How to design a loft conversion

Updated February 21, 2017

Create a loft conversion by utilising unfinished attic space above your home or business. You can convert attic space over a garage as well. If you need more square footage to create a bedroom, bonus area, in-law guest room or office space, loft space can be ideal. The cost of a loft conversion should be less than building an addition under a new roof, since there will be an existing roof area and floor area already in place.

Measure the enclosable floor space and headroom you will have to work with. Make sketches that will include a bathroom, if possible. Use graph paper to design the loft by allowing one square of graph paper to represent six inches of real space. Check out all headroom. Make sure you have adequate walking space in all rooms of the loft that will incorporate slanted ceilings as part of wall space.

Consult with a plumber and an electrician for routing water lines and drains, plus all ductwork for heating and air, before you finalise a basic floor plan. Figure out where the attic stairs will come into the area from the floor below. Allow space in your design for a staircase at least 42 inches wide, so that furniture can be moved into the area easily.

Plan walls and floor space around placement of loft windows. Design windows for light, but incorporate them as an escape route in case of fire. Place windows at the ends of the building, if possible, since dormer windows are costlier and more difficult to construct. Use at least one sliding door with roof deck area if you have room. Engage an expert carpenter to advise you on window installation as you plan your design, since your city may have strict building codes for loft areas.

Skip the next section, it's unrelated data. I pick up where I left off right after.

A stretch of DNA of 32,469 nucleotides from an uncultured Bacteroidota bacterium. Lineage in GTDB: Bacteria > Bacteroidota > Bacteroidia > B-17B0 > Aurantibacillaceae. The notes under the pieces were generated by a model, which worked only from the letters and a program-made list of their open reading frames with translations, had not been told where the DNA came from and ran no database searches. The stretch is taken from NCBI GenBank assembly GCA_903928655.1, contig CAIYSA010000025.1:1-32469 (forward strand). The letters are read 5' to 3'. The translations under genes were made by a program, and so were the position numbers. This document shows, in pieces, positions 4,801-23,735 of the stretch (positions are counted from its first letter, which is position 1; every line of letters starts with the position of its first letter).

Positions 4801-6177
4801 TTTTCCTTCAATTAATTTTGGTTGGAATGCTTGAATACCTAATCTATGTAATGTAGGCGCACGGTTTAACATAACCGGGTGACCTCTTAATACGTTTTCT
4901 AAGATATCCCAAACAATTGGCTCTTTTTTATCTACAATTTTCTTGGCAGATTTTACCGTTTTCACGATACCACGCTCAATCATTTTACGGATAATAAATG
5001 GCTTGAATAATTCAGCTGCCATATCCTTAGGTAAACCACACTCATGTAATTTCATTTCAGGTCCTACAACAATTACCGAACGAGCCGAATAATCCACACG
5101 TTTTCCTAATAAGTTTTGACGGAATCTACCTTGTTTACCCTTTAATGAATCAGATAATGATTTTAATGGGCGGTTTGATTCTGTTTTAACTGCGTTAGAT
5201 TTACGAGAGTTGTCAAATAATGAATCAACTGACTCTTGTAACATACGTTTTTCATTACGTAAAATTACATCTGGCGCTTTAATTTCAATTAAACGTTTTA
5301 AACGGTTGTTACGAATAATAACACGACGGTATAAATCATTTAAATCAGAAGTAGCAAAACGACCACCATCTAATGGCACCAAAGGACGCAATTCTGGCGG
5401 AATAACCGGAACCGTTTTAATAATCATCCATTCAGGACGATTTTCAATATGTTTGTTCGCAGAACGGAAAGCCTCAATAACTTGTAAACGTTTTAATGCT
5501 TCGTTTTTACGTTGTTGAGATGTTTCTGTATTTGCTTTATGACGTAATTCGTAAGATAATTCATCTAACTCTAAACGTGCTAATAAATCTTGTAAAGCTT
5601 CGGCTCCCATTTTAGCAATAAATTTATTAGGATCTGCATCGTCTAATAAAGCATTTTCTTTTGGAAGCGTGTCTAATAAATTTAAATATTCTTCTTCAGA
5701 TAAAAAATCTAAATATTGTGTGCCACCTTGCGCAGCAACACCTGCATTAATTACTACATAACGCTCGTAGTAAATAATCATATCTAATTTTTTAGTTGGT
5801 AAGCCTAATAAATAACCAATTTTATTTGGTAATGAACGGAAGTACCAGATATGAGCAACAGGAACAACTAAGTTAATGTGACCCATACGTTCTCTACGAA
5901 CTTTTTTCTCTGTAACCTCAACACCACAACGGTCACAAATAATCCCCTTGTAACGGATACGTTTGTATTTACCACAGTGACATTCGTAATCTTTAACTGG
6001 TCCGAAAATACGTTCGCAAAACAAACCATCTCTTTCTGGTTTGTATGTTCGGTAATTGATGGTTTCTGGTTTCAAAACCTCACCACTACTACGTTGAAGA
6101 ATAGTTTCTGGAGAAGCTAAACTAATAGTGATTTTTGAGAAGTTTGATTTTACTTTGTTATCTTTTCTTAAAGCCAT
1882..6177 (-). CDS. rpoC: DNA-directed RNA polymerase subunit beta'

Plan how you will frame the interior of your loft space. Don't overlook using every square inch wisely by designing storage units back under low-lying eaves, for example. Design a wall unit for storage, books or media players so you can use minimal furniture and keep the area neat. Do plan to include a bathroom in any loft, even if must borrow space for a commode and small vanity from closet space. Include creative touches in your design such as window seats and skylights.

Design the loft to be well insulated, since heavy insulation will save a lot on your energy bill. Plan room for this insulation by framing ceiling and exterior wall areas with 12-inch boards to accommodate thicker insulation.


Never start a loft conversion until you check with your local building authorities. You will most likely be required to obtain a building permit. You may also be required to build an escape window or two of very specific dimensions under local codes.

Things You'll Need

  • Measuring tools
  • Sketch pad
  • Graph paper
  • Plumber consultant
  • Electrician
  • Carpenter
  • Local building code checklist
  • Building permit
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About the Author

Judi Light Hopson is a national columnist for McClatchy Newspapers. She is founder of Hopson Global Education and Training and co-author of the college textbook, Burnout to Balance: EMS Stress. She holds a degree in psychology from East Tennessee State University, and has been a professional writer for 25 years.